By Vince Bamford 24 August 2022 The Grocer Magazine
It’s clear from Chris Wildman’s passion for his shop, and the food it sells, that retailing is in his blood.
A fifth-generation shopkeeper and butcher, Wildman has – with the help of his family – built Town End Farm Shop in Airton, North Yorkshire, into an award-winning operation.
Town End was established nearly 20 years ago by the original owners, who were looking for a means of diversifying their farm business following the 2001 foot and mouth disease crisis. When the owners retired nine years ago, they approached Wildman, who was then running a butchery business supplying Town End Farm Shop with meat from his family’s farm.
“They wanted someone else to run it so they asked me, the local meat supplier,” he explains. “It’s a small community and my family and their family go back quite a long way.”
Town End is very much a family affair. Wildman works alongside his wife Jen, who is herself a farmer’s daughter. His son looks after the Craven Longhorn cattle on the family farm, while his niece works in the farm shop. Wildman’s brother, who is also a butcher, helps with the butchery and charcuterie side of the business, which includes popular courses in butchery, salumi and charcuterie.
There is also a clear focus on sustainability – and its efforts in this area helped secure the business a
Farm Shop & Deli Show Retailer Award this year. Wildman says this is because it makes sense, rather than because he sees himself as an eco-warrior.
“Plastic and oil-based products and driving around in cars and on aeroplanes its unsustainable –and are bigger problems than cows and methane,” he says.
Reusable containers are one area of focus for Wildman. The business sells rapeseed oil in Kilner bottles that can be returned to the shop for refilling. “We’ve been doing this for years, since before it was trendy,” he explains. “It works out cheaper and happens to have the benefits of a reuse culture, which is far better than recycling or even having biodegradable and compostable materials. If you can reuse the same bottle 10 times that’s a massive difference.” The reuse philosophy extends beyond packaging, with Wildman curing meat using botanicals discarded by local distiller Otterbeck.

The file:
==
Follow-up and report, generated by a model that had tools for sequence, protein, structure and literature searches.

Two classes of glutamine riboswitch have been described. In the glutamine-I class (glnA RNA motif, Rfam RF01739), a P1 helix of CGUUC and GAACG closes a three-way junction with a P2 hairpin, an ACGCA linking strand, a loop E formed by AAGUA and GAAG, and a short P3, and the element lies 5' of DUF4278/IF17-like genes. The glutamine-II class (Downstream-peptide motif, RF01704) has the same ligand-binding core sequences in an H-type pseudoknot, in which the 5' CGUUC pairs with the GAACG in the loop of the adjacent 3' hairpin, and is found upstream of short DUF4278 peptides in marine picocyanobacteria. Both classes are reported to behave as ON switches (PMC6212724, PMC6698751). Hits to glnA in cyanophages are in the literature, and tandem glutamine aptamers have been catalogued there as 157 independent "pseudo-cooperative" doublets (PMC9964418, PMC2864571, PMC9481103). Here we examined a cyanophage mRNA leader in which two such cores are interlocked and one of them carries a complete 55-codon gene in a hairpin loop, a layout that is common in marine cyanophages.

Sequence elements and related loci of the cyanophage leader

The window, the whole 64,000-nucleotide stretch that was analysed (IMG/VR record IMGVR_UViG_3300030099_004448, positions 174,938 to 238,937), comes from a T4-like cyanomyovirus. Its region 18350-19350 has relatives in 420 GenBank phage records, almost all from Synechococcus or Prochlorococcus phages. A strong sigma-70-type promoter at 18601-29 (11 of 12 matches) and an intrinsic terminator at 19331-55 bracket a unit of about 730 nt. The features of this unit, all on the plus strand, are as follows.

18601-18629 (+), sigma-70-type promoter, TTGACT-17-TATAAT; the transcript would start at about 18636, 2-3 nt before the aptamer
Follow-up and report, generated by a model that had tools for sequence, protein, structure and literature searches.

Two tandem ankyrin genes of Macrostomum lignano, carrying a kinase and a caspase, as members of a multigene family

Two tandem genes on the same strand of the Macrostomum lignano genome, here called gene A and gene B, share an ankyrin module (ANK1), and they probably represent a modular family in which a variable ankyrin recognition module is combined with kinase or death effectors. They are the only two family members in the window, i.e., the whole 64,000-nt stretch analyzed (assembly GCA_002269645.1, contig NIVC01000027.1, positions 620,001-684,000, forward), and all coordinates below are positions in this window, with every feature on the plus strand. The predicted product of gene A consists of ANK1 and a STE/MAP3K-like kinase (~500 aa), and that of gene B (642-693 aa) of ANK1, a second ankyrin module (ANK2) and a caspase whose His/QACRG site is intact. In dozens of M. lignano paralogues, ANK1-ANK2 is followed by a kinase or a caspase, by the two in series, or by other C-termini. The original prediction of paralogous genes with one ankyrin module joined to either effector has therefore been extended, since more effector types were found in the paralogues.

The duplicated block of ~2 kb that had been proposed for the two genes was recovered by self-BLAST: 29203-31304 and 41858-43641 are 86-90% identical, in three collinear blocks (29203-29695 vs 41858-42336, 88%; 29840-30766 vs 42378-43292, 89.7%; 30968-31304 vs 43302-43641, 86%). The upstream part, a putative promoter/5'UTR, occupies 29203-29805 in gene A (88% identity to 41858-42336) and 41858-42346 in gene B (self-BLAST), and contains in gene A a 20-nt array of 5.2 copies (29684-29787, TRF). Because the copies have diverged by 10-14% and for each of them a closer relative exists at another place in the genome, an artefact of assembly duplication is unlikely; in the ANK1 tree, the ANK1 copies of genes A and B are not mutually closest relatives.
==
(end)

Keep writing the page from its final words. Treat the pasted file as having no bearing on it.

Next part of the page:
“I use bay, juniper and other flavours, and gin distillers are doing the same thing,” he explains. “I asked the distillers what they do with the botanicals after they’ve made their gin and they said they just fish them out the bottom and throw them away.” Wildman now collects the gin-steeped botanicals, freezes them, and when he’s doing a cure, he adds some to his own herbs and spices. “It works brilliantly, it’s a collaboration with another local business and is a reuse of the essential ingredients. What’s not to like?”
Talking to Wildman about the food and drink he sells, it’s clear that the people supplying the products are as important to him as the product themselves. He can tell a story about each one.
His suppliers include other award-winning businesses such as Andy Swinscoe of The Courtyard Dairy, who also sells some of Wildman’s charcuterie.